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Plotting equality: From bar charts to 3D maps

06 Mar 23

With the open source tool Superset, impressive interactive dashboards can be designed with just a few clicks. In an earlier blog post we covered the data connection and filter options. Today we take a look at the different visualisation possibilities – on the occasion of International Women’s Day on March 8th with data on gender equality in Switzerland and worldwide.

Apache Superset: Proven chart types

The business intelligence tool Superset, which is developed by Apache, contains over 60 different chart types – including all the usual suspects as bar, column, line or pie charts. Depending on the type selected, different options for modification are available. In our first example, the gender distribution in the Federal Council since 1959 is shown. A stacked bar chart was chosen for this purpose. In charts with time axes, user-defined areas or points in time can be highlighted with extra visual information – so-called annotations: For example, the yellow area here marks the period since the introduction of women’s suffrage in Switzerland.

Abbildung 1: Venn-Diagramm der künstlichen Intelligenz

Visualisation of text

Superset also offers options for processing text. Particularly extensive is the chart type “Handlebars” for creating user-defined templates that dynamically display text. For example, a table of all parliamentarians could be automatically coloured according to gender. Handlebars can also be used to integrate icons or images such as cantonal banners into the dashboard.

Word clouds are another option for visualising text. With a few clicks, all the first names of members of the Swiss National Council since 2011 that appear at least twice can be displayed. The larger the name is written, the more (former) National Councillors have this first name.

Abbildung 2: Lineares Modell von Grösse und Gewicht.

Geographically locate data

Superset offers a particularly large variety of options for displaying geodata. If you want to display the proportion of women in national parliaments, you load the corresponding table into the chart type “World Map” and the assignment is done automatically via the country name or via international abbreviation standards. Also convenient are the automatically generated tooltips that show details of the displayed value of a specific country when the mouse is moved over it.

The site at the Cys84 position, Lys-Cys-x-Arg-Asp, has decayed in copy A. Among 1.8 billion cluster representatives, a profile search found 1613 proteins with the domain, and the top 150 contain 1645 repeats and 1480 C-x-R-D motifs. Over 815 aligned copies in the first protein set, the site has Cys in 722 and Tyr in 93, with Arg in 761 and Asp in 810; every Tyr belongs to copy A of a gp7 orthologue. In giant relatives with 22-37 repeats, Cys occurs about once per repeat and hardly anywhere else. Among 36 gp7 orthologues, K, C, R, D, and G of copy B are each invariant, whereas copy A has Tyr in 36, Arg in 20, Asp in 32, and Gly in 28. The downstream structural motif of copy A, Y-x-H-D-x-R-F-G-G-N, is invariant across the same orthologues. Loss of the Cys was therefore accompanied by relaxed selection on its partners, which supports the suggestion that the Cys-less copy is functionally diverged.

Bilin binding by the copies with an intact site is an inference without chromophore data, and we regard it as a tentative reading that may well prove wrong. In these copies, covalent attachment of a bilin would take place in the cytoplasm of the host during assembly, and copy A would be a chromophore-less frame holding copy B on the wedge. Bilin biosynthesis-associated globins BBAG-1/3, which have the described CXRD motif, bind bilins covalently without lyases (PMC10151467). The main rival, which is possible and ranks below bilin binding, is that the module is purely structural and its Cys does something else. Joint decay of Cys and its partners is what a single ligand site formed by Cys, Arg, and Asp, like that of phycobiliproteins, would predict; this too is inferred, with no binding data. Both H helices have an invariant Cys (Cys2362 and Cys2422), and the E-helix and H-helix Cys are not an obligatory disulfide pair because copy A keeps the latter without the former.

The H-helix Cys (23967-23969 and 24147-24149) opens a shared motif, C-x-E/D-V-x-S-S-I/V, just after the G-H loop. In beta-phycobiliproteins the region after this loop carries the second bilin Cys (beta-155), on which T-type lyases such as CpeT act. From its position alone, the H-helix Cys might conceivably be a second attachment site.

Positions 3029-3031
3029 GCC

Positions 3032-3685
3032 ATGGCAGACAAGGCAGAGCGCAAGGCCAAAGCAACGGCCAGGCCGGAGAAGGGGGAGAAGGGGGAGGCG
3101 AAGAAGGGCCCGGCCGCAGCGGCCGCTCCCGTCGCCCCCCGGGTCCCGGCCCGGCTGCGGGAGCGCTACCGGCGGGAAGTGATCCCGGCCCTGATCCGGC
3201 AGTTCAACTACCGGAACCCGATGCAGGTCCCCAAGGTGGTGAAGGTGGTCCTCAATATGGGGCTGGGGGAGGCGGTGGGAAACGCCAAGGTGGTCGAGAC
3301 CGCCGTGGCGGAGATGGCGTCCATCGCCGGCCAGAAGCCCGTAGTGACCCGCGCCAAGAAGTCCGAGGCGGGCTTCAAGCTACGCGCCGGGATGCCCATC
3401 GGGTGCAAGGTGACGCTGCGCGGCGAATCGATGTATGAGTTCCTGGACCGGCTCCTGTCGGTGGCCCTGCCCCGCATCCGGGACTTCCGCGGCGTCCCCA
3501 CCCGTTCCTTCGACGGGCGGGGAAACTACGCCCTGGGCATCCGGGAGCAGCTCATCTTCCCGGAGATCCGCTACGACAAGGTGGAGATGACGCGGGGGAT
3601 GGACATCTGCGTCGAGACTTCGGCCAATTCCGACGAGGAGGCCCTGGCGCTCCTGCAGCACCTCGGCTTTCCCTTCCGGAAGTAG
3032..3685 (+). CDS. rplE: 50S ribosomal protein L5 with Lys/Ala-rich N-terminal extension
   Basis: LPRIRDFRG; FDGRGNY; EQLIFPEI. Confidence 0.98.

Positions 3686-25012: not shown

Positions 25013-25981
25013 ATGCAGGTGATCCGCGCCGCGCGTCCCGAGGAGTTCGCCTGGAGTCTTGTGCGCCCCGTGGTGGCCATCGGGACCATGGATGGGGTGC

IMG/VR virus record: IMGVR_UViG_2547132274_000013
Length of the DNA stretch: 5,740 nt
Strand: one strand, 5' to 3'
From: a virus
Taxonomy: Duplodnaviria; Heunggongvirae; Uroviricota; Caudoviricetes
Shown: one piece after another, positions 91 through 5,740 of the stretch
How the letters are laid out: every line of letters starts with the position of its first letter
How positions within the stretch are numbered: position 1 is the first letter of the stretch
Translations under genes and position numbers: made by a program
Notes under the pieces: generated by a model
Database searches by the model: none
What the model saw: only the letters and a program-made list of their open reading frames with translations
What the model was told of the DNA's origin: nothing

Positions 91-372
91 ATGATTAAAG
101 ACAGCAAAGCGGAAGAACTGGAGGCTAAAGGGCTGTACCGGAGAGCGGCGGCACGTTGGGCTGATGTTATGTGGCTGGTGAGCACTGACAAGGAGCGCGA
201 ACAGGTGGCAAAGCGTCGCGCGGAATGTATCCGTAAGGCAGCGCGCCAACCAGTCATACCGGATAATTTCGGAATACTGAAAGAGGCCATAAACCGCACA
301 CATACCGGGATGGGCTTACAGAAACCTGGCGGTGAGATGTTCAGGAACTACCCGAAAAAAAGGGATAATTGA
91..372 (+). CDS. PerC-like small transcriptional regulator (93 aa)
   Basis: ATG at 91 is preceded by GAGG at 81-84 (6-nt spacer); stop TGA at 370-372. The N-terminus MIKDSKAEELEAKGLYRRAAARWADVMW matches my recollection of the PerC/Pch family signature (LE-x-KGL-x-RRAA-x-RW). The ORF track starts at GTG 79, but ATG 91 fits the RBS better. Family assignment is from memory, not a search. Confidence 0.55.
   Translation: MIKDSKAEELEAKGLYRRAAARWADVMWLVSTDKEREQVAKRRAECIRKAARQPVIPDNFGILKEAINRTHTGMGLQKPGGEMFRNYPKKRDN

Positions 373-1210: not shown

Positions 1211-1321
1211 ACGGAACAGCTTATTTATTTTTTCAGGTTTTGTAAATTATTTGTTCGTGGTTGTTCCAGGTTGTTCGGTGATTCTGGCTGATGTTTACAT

Abbildung 3: Vom Input «Grösse» zum Output «Gewicht».

Apache Superset offers a wide range of maps out of the box, including country-specific representations such as all cantons of Switzerland. The number of colour gradations and the colour selection can be customised as desired.

Abbildung 4: Bildklassierung mit spezialisierten neuronalen Netzwerken.

If the suggested maps are not sufficient, a custom map can alternatively be integrated into Superset. As the name of the chart type “ Polygon” indicates, polygons – i.e. precisely predefined geographical regions – can be loaded into Superset for this purpose and visualised on a map. If desired, the height of the polygons can be used to depict another dimension of the data – such as the proportion of women living in the corresponding radius in our example. The colouring additionally facilitates the interpretation of the information.

With regard to maps, the possibilities in Superset are endless: In addition to polygons, scatterplots or paths between any points on maps can be displayed.

Get creative with Superset

With all these visualisations, there are almost no limits for dashboard designers. Since Superset was accepted into the Apache Incubator programme in 2017, the software has been continuously developed and new features are regularly added. Read more about Superset in this blog post and try out the dashboard yourself in our demo instance. We gladly show you ways to best display your data in Apache Superset.